Is the solar spectrum latitude-dependent?
Astronomy and Astrophysics
Context: In studies of the solar spectrum relative to spectra of solar twin stars, it has been found that the chemical composition of the Sun seems to depart systematically from those of the twins. One possible explanation is that the effect is due to the special aspect angle of the Sun when observed from Earth, as compared with the aspect angles of the twins. Thus, a latitude dependence of the solar spectrum, even with the heliocentric angle constant, could lead to effects of the type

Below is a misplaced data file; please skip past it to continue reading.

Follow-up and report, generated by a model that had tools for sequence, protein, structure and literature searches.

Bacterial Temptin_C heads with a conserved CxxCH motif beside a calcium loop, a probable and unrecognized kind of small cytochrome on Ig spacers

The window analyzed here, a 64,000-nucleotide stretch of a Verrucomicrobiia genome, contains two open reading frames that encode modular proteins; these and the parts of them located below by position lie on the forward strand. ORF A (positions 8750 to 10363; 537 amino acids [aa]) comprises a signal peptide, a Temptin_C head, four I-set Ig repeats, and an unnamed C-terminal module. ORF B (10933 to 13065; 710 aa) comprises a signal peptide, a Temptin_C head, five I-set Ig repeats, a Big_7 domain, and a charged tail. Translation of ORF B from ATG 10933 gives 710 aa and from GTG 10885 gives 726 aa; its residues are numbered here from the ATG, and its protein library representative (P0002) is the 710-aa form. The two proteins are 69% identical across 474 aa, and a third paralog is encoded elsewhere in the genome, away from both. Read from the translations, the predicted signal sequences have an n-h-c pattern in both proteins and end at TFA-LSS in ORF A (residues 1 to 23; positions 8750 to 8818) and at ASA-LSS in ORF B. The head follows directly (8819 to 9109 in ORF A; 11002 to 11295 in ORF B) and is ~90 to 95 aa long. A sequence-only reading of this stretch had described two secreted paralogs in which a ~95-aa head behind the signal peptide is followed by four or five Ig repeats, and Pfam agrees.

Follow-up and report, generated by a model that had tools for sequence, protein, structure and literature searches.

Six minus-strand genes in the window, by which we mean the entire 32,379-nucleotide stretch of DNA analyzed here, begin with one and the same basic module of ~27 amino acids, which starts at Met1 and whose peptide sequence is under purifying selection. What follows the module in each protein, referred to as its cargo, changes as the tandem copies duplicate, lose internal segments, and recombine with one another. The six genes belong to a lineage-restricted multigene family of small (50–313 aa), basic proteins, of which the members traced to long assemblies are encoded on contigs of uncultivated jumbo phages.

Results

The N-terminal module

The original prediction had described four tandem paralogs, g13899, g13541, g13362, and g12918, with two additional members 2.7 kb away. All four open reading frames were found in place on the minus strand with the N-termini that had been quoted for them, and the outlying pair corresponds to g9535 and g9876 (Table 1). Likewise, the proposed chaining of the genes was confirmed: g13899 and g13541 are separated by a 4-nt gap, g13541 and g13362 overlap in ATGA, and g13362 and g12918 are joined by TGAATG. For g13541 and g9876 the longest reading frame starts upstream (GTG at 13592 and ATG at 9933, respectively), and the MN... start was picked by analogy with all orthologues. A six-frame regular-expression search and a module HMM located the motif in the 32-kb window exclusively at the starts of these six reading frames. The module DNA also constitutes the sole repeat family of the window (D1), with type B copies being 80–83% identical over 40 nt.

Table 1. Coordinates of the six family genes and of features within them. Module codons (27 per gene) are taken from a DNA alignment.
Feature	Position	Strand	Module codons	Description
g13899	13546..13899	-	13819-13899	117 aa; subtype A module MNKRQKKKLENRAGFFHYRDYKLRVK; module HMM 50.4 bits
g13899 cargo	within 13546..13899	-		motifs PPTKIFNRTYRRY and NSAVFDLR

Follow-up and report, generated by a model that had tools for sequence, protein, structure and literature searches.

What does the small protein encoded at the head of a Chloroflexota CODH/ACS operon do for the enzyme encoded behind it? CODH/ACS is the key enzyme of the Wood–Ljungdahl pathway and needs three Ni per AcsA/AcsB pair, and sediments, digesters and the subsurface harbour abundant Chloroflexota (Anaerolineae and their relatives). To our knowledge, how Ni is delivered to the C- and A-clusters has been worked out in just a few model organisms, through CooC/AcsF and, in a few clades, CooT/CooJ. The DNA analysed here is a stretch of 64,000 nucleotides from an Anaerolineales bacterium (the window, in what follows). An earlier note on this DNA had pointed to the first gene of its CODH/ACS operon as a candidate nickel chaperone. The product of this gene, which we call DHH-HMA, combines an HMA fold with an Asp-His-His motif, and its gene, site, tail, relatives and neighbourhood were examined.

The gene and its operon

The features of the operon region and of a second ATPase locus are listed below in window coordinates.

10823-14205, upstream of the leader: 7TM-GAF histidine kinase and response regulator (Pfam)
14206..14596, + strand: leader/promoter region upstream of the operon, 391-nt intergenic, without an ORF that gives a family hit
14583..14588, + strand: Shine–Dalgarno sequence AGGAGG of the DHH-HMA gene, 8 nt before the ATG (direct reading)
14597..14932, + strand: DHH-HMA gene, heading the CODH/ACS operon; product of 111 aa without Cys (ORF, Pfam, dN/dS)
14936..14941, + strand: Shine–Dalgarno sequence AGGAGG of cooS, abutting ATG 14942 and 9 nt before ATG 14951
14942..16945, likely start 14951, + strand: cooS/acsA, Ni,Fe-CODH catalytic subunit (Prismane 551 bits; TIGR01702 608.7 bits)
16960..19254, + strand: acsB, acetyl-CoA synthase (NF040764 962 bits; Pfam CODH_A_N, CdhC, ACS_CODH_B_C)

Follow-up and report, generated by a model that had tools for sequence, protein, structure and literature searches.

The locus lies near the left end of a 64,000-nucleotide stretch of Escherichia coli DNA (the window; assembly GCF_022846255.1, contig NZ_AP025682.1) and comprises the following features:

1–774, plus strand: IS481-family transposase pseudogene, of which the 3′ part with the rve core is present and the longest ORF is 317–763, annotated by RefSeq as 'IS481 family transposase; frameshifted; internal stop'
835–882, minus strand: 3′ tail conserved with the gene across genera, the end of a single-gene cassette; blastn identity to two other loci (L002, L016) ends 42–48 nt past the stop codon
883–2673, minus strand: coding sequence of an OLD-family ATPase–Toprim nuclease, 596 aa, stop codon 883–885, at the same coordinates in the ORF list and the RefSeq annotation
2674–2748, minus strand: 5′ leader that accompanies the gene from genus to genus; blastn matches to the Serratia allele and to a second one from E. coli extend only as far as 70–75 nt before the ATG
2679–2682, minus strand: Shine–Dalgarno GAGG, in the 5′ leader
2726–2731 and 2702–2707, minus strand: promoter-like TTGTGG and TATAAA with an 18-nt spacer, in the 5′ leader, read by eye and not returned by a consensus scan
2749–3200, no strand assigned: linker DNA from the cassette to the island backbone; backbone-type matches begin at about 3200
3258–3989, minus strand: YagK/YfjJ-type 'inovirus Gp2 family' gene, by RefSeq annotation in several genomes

... f the type observed. Aim: We explore a possible variation in the strength of certain spectral lines, used in the comparisons between the composition of the Sun and the twins, at loci on the solar disk with different latitudes but at constant heliocentric angle. Methods: We use the TRIPPEL spectrograph at the Swedish 1-m Solar Telescope on La Palma to record spectra in five spectral regions in order to compare different locations on the solar disk at a heliocentric angle of 45 deg. Equivalent widths and other parameters are measured for fifteen different lines representing nine atomic species. Results: The relative variations in equivalent widths at the equator and at solar latitude 45 deg are found to be less than 1.5 % for all spectral lines studied. Translated to elemental abundances as they would be measured from a terrestrial and a hypothetical pole-on observer, the difference is estimated to be within 0.005 dex in all cases. Conclusion: It is very unlikely that latitude effects could cause the reported abundance difference between the Sun and the solar twins. The accuracy obtainable in measurements of small differences in spectral line strengths between different solar disk positions is very high.